This is different woman. A different mother. And this different mother is allowing me to be a different daughter.

I look through photographs of her from time-to-time to remind myself that she was once as vibrant and appealing as any young girl finding her way in the world. She had sexy legs, a smashing sense of style, and an infectious grin. She was flirtatious and sought after, ultimately loved by a man who found her beautiful and exciting. She could laugh raucously (see left 🙂 ! ) and make others laugh as loud. I study those photographs and say to myself: “She was young once, just as you were. And you will become old, just as she is. We’re all in this together.”

And so my mother and I continue our Mutual Reinvention Tour. I have found patience; she’s become humble. I’m learning empathy, while gratitude is her new skill. The more of life she forgets, the more I’m there to remind her. We’re both evolving, transforming; that can’t be denied.

VirginiaAmandes_9_w:Phil Amandes_'70sShe looked at me recently and whispered, “I’m scared.” When I asked why, she said, “Because I’ve made so many mistakes in my life, especially with you kids.” She was concerned that, at the Gates of Heaven, she would be harshly judged, but mostly she wanted me to know she loved us all and was sorry for those mistakes.

I felt a tug. I’d been angry at her for so much of my life… the candor and vulnerability of the moment struck me. I took her hand and said, “Don’t worry, Mom; they say if you’re truly sorry, you’ve already been forgiven.”

And as I said it, I realized that, like St. Peter at the Gates and God in the Heavens, I, her third daughter, her runaway, her lost child, had forgiven her as well. And in the swirling eddy of emotions that accompanied that revelation, sweet and simple love could be found.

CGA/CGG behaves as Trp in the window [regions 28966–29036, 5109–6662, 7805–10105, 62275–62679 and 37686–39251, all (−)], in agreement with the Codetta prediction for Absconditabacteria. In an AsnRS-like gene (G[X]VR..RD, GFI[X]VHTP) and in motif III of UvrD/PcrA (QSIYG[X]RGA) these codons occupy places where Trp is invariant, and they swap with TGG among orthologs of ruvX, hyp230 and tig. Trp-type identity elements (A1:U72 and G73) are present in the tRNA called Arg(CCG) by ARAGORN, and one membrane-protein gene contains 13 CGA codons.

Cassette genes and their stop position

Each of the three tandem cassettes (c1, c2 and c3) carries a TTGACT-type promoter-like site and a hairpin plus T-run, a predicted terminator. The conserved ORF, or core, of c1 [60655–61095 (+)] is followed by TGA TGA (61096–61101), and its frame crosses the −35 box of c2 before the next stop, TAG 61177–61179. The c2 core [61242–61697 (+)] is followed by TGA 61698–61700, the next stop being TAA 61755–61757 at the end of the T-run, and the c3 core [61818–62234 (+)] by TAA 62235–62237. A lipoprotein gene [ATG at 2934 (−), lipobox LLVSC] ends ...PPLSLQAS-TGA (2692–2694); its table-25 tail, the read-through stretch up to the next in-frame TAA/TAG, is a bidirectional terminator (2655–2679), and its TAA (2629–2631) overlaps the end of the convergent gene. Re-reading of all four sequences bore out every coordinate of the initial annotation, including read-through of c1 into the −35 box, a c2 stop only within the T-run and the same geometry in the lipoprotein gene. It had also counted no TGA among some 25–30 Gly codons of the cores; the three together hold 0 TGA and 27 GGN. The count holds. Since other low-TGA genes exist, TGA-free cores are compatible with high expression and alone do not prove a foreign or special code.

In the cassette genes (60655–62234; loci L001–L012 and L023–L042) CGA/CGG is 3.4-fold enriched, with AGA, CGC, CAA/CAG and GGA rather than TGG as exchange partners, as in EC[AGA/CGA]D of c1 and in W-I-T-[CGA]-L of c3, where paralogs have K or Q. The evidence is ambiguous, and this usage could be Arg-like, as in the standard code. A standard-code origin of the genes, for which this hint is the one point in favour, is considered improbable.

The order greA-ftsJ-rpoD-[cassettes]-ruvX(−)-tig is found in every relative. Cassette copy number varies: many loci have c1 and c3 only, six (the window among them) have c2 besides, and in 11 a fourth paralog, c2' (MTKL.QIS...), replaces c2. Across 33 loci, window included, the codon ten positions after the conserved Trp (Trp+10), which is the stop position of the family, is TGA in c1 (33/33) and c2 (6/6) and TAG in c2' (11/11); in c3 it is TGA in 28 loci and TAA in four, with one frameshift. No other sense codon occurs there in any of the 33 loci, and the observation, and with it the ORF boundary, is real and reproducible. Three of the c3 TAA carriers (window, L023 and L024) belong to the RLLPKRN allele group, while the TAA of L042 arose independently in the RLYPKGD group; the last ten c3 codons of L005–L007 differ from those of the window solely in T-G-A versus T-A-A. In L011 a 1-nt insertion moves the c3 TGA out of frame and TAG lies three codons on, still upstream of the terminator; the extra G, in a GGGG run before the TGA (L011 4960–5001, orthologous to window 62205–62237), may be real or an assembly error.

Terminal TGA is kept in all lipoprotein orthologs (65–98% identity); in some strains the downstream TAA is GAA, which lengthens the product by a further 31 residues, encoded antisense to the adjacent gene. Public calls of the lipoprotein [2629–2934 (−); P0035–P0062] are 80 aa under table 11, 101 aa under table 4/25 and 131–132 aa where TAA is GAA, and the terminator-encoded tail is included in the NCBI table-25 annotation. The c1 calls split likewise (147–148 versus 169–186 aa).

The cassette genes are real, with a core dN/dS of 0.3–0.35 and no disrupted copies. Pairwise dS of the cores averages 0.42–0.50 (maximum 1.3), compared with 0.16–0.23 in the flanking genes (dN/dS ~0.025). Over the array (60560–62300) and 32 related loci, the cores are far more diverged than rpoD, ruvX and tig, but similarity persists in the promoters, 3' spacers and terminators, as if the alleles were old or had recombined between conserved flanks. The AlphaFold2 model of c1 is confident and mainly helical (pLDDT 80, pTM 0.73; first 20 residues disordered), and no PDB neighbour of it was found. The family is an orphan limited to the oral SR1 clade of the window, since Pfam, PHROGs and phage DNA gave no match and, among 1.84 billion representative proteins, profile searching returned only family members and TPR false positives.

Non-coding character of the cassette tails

Precious and timely, as the Tour continues.

Mom & me_sm

Happy Mother’s Day to all who nurture, love, and exude tenderness and compassion for those in their care… that would be almost everyone I know. ❤

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The original version of this piece was published in 2011 at The Huffington Post, but as my mother’s life evolves, and hoping to keep this the most current reflection of our continuing journey, I update it from time-to-time. One of the more recent installments was submitted to The Maine Review in 2015, where it placed second in their 2016 Rocky Coast Writing Contest. This weekend I’m posting the latest here again… in honor of Mother’s Day, in honor of mothers in general, and, very specifically, in honor of the mother in my own life… who helps me realize, year after year,  the sweetness of this closing chapter we’re writing together.